Apart from his early work with Marker, Lhomme has also cultivated two other long-standing collaborative relationships, the first with French filmmaker Jean-Paul Rappeneau, and the second with Ismaël Merchant and James Ivory. Lhomme first worked with Rappeneau in 1965 on the film La Vie de château (Gracious Living), a comedy set during the German occupation of France. Subsequently, the two collaborated on Le Sauvage (The Savage) in 1975, and Tout feu, tout flamme (All Fired Up) in 1981. By far the most well known and most acclaimed film produced by the team Rappeneau-Lhomme, however, was 1990s Cyrano de Bergerac, an adaption of Rostand's play by the same name. With Cyrano, Lhomme reveals his expert ability to film historical drama. The camera in Cyrano captures all of the detail worked into the setting and costume of the film—the details of fabric, the dim, interior lighting, the grit and grime of battle. There is also a concentrated use of close-up, which serves to remind the viewer that this film was based upon a play. The closely framed shots of Cyrano, Roxanne, and others replicate the more intimate viewing experience of the theater, while the panoramics point to the specific possibilities of cinema. Lhomme's work on Cyrano earned him several prestigious awards, including a César and a BAFTA award. To date, it remains his most critically acclaimed piece of work.
Lhomme's work with Merchant and Ivory dates to his work on the 1981 film Quartet. This film also reveals Lhomme's talent for historical drama. Here the setting is 1920s Paris, and the details of the period are richly captured in Lhomme's shots of smoky nightclubs and upper middle class apartments. Lhomme has gone on to make three other films with Merchant and Ivory, including Maurice (1987), Jefferson in Paris (1995), and Cotton Mary (1999). All three, also historical dramas, illustrate Lhomme's attention to detail in his filming of costume and setting, and his talent for recreating the ambiance of any particular country at any particular moment in time.
In addition to such collaborative endeavors, Lhomme has contributed to the work of other directors with whom he has worked only once. His cinematography in Robert Bresson's 1971 film, Quatre nuits d'un rêveur (Four Nights of a Dreamer) for example, adequately captures the sober, ascetic, almost dream-like hyper-realism so characteristic of Bresson's work. The film, based on a short story by Dostoyevsky, recounts four days in the life of a young man and his encounter with a young woman on a bridge. Bresson turns the story into a meditation on youth, and Lhomme contributes to this an elegant simplicity that focuses the spectator on the act of looking—looking at youth, looking at life.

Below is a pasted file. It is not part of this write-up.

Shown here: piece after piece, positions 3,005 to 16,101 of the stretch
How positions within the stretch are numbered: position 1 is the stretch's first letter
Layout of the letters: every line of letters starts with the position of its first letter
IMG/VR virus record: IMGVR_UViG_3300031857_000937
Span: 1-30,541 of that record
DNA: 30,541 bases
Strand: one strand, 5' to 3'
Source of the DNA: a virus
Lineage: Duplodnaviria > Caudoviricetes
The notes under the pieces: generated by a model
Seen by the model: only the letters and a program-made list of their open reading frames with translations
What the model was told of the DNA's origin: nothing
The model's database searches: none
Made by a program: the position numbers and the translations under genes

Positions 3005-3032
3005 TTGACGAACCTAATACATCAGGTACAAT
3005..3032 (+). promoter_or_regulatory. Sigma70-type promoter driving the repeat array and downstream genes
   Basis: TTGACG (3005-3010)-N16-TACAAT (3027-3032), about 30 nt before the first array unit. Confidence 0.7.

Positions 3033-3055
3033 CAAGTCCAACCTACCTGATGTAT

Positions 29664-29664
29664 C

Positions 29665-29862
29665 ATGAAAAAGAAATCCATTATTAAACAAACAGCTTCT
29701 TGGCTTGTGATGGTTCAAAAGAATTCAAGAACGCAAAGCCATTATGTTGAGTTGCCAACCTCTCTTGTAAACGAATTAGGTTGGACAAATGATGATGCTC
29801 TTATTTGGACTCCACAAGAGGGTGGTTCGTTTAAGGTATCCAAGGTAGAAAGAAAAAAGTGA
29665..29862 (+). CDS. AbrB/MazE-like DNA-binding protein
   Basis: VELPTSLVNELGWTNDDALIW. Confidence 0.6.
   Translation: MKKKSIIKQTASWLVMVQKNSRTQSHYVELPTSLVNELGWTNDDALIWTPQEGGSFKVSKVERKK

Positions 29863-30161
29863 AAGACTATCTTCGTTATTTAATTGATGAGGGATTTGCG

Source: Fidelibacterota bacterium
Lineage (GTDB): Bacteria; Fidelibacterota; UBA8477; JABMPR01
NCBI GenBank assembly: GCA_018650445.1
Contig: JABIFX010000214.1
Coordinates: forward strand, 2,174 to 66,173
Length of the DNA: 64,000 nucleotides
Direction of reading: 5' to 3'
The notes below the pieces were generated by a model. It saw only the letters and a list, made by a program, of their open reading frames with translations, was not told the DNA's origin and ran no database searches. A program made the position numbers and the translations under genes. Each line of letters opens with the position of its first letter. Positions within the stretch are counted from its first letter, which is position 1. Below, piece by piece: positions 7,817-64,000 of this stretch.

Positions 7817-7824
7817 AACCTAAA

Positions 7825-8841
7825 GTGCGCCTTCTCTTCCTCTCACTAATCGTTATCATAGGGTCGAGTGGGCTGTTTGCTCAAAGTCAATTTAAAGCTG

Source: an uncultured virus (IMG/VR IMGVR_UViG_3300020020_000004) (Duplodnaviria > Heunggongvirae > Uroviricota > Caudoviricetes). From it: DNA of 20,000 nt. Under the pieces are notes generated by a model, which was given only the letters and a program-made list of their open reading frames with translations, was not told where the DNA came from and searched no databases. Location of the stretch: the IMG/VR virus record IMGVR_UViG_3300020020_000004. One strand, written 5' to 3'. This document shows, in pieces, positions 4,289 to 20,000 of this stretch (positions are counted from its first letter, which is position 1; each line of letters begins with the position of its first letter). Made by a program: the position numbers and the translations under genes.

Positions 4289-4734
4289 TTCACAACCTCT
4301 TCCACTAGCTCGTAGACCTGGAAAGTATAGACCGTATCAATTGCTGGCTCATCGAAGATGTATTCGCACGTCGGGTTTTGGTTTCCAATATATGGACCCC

Another particularly good example of Lhomme's ability to capture light, emotion, and the feel of an age is his work on Bruno Nuytten's Camille Claudel (1988). The film, based on the life of sculptor Camille Claudel, is striking for its whiteness, the white of plaster cast, of Parisian sunlight, of canvas, and Lhomme's camera work emphasizes this whiteness without blinding the spectator. Furthermore, his presentation of Isabelle Adjani in the role of Camille works to show the torment and emotion of the volatile female artist, trapped in a man's world.
Lhomme's films span several eras of modern filmmaking, from the New Wave to the Postmodern, from documentary to comedy to drama. The fact that he has worked on so many films, and with so many renowned filmmakers is, perhaps, an even greater testament to his talent as a cinematographer than the awards he has received.